that 85 percent of the public believe the threat of terrorist 
attacks in Germany has increased. This same poll showed that 
56 percent of the public believe a strengthening of security 
legislation is the best response to the new threat. 

4. (U) As the arrests have highlighted the homegrown 
terrorist threat, there have been calls for government 
monitoring of German converts to Islam, who number in the 
thousands each year. Though not likely to see the 
legislative light of day (see Septel), this proposal is a 
reaction to the perception that converts often tend to be 
more zealous believers in their new faith compared to those 
born into the religion. Minister Schaeuble, who leads the 
Federal government's "German Islam Conference" initiative,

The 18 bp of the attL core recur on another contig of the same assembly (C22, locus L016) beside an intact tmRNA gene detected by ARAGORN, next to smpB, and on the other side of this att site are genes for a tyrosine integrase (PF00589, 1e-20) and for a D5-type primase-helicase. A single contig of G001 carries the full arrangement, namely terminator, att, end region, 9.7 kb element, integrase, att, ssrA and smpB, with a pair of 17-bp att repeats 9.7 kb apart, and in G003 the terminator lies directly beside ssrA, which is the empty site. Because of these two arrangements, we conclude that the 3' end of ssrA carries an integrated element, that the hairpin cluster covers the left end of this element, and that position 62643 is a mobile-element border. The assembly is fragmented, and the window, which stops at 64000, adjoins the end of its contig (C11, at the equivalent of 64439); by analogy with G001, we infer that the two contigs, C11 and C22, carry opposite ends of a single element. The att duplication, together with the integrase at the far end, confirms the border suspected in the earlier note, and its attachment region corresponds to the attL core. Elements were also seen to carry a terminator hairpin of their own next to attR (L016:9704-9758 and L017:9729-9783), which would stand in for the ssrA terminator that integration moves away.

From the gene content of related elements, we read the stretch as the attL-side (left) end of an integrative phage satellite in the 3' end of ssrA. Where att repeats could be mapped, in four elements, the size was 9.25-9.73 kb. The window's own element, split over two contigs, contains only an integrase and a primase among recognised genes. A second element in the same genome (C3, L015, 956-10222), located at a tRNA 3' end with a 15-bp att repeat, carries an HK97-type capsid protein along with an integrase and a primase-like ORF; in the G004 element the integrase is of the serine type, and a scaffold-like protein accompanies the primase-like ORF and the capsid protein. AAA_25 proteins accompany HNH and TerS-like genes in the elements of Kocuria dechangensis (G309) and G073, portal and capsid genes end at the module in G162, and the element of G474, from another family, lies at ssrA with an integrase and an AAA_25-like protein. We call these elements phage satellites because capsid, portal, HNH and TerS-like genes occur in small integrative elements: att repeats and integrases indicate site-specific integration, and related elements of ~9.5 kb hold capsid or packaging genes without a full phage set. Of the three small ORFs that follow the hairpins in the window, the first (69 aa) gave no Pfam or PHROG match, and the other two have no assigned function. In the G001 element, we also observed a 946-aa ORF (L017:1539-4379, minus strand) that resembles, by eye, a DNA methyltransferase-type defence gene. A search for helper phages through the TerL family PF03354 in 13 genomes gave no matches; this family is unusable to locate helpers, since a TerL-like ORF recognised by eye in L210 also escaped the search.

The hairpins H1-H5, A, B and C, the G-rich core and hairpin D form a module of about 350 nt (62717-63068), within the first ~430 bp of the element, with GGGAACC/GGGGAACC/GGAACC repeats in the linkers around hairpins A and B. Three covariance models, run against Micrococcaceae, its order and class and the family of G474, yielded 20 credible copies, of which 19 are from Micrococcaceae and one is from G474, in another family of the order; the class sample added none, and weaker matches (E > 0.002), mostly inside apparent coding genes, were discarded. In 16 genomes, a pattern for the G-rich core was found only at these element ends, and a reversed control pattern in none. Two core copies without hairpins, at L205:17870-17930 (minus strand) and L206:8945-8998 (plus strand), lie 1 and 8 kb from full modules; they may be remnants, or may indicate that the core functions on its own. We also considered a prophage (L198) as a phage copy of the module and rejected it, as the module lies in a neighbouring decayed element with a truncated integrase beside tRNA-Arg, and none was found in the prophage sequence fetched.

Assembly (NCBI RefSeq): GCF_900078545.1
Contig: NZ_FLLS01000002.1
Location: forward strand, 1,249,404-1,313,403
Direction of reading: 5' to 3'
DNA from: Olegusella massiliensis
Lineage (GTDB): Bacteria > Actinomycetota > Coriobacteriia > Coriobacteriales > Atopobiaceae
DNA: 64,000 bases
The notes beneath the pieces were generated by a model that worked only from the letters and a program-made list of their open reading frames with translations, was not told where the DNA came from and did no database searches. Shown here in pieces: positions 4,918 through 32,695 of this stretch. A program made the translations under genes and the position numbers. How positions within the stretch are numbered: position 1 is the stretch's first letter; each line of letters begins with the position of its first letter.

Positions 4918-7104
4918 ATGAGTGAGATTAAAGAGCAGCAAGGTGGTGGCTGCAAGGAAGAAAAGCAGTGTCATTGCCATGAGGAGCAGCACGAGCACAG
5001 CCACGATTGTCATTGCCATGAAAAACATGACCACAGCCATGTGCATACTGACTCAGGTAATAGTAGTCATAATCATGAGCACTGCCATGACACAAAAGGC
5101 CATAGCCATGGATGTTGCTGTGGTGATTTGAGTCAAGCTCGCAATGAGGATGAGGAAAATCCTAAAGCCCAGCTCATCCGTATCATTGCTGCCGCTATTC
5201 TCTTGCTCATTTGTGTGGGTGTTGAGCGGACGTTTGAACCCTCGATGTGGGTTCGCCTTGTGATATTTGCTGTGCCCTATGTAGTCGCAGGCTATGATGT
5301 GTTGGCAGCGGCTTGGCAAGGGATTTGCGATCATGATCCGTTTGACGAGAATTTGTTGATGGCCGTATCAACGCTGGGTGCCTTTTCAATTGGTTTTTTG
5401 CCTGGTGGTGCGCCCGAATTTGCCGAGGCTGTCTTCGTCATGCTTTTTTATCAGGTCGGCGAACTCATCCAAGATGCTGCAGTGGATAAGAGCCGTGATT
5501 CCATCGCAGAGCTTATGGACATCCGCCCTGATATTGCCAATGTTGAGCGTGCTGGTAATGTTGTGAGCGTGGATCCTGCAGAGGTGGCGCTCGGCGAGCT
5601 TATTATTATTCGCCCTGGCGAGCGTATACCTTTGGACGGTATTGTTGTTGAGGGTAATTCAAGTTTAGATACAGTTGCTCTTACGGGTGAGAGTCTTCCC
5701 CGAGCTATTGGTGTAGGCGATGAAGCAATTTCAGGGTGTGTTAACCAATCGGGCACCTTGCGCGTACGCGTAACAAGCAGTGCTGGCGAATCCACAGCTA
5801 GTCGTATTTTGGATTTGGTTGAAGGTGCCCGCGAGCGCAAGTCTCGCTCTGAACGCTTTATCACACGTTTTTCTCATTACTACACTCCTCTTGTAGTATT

which attempts to promote an intercultural dialogue with the 
Muslim community, commented that "One thing is certain: 
fighting the abuse of Islam and exaggerated fundamentalism 
is, above all, a task for the Muslims themselves." 

Ulm/Neu-Ulm - Centers of Radicalization 
--------------------------------------- 

5. (U) The Federal Prosecutors Office has identified a number 
of German cities as centers of Islamic associations and 
potential sites for extremism, including Ulm, Neu-Ulm, 
Braunschweig, Cologne, Berlin and Muenster. Of these, the 
neighboring cities of Ulm and Neu-Ulm have figured the most 

BERLIN 00001767 002 OF 003 


prominently over the past decade as breeding grounds for 
Islamic extremists. Ulm, a mid-sized city (population 
120,000) in Germany's relatively conservative southern state 
of Baden-Wuerttemberg, is a leading center for scientific 
research and birthplace of Albert Einstein. Ulm was rated as 
Germany's most healthy city by the health-oriented magazine 
"Healthy Living" in a nationwide survey last month. Neu-Ulm 
(population 51,000) is located on the eastern side of the 
Danube river in Bavaria.